Ramzi Abi Akar, Milos Matkovic, Julien Massot, Alain Bel, Jerôme Jouan, Léonora du Puy-Montbrun, Jean-Marc Alsac, Bernard Cholley, Florence Bellenfant, Romain Pirracchio, Christian Latremouille, Jean-Noël Fabiani, Paul Achouh
Institution : Département de chirurgie cardiovasculaire, département d’anesthésie-réanimation, hôpital européen Georges-Pompidou, AP-HP, Paris
Objectives : SOS Aorta is a program put in place in a university hospital for an immediate, round-the-clock, multidisciplinary protocolled management of all aortic emergencies. Acute aortic syndrome is the most frequent aortic emergency. It is an absolute complex surgical emergency, with a high initial mortality rate. The aim of this paper is to evaluate the characteristics, in-hospital mortality, short and mid term results of patients referred to this aortic emergency program for suspected or confirmed type A acute aortic syndrome (AAS)
Methods : From february 2010 to May 2015: 688 patients were admitted through the SOS aorta program for suspected or confirmed aortic emergencies. All patients were entered into a prospective database. Initially, 129 patients were referred to our center with the diagnosis of type A acute aortic syndrom (AAS) based on a pre-admission CT-scan. And 74 patients were directly referred from the Mobile Emergency Units with high suspiscion of AAS.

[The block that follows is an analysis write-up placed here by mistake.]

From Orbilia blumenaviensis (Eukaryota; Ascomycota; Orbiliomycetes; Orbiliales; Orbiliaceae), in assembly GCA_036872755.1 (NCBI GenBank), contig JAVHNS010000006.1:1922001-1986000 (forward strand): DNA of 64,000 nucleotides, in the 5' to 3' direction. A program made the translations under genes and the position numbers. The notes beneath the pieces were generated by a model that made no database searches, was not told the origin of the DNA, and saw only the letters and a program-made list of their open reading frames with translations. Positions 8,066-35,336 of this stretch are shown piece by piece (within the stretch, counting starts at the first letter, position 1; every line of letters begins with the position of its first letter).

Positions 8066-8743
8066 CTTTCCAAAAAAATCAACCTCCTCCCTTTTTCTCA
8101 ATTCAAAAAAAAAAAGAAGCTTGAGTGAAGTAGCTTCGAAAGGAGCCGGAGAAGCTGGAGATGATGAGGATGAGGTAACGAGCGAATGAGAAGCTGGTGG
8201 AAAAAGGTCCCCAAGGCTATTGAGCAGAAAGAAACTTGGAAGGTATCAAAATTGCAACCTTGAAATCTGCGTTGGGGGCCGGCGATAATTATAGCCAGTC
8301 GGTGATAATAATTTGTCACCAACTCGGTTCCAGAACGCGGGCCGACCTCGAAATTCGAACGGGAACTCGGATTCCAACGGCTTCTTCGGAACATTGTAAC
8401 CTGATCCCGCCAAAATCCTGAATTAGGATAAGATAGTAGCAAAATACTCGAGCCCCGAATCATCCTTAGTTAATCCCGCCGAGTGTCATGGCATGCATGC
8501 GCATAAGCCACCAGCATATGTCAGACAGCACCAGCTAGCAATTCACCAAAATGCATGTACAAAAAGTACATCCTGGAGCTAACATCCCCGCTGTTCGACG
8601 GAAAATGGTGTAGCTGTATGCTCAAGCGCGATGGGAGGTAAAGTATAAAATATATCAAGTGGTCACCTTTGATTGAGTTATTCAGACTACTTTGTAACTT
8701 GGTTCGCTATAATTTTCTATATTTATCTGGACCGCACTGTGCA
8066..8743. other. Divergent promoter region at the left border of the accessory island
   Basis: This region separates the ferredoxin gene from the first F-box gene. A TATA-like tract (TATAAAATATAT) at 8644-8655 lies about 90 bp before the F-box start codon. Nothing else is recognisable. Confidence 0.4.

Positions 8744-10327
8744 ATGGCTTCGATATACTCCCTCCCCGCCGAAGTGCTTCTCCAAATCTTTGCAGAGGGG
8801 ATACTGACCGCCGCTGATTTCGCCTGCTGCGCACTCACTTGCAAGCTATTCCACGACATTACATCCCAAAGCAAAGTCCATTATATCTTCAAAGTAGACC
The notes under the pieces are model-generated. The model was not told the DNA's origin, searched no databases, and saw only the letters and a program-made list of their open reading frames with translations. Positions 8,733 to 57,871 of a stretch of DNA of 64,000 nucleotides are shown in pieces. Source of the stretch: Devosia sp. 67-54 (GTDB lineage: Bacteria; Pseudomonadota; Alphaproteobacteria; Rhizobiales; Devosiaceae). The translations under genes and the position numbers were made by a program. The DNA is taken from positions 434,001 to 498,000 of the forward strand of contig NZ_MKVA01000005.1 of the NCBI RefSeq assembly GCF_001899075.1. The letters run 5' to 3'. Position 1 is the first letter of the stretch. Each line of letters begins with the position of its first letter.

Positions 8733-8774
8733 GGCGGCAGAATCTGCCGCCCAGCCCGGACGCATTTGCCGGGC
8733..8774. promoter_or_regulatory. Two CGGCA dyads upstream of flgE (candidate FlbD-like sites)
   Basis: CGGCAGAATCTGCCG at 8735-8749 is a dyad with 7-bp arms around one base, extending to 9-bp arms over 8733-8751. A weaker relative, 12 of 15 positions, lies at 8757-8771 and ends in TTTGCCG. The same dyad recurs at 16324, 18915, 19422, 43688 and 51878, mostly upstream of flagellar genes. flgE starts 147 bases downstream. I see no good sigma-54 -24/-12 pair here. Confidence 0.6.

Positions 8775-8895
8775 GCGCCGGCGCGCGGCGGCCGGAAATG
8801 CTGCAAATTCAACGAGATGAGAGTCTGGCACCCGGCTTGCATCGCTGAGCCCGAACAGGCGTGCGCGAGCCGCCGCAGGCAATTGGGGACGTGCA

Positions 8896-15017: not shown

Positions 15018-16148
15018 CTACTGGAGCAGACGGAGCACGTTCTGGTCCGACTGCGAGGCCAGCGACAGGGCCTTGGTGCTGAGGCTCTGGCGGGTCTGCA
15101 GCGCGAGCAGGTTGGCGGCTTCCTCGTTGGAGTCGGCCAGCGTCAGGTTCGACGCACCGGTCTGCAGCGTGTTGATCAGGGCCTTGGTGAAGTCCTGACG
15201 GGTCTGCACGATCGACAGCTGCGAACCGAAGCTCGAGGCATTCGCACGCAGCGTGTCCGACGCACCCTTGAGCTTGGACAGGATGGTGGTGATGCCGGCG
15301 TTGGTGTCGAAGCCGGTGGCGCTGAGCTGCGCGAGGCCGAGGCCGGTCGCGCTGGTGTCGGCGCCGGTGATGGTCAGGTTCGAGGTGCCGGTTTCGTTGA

Of the 74 patients referred with high suspiscion of AAS: the diagnosis was confirmed with CT-scan on admission in 61; 13 patients were immediatly transferred to the operating room for a TEE confirmation, because in shock or cardiac arrest. We reviewed the characteristics of these patients on admission and their in-hospital mortality. We also reviewed the results at five years regarding their survival and the need for reintervention.
Results : Procedural mortality was 15% for hemodynamically stable patients and 100% for patients under mechanical cardiac resuscitation. In hospital mortality was 23, 38 and 51% for patients under 70 years old, septuagenarians and octogenarians respectively. At discharge, global mortality was 30%. 44% of operated patients were transferred to cardiovascular rehabilitation centers and 16% were send home directly.
Conclusion : Management of AAS in a round-the-clock, multidisciplinary aortic emergencies program reduces the time to treatment. This theoretically should allow improvement in survival. The benefit in survival is probably counterbalanced by a higher percentage of unstable and critical patients admitted through the program. Mortality is certain in patients who present with cardiac arrest before surgery. Octogenarian have a significantly higher in-hospital mortality rate.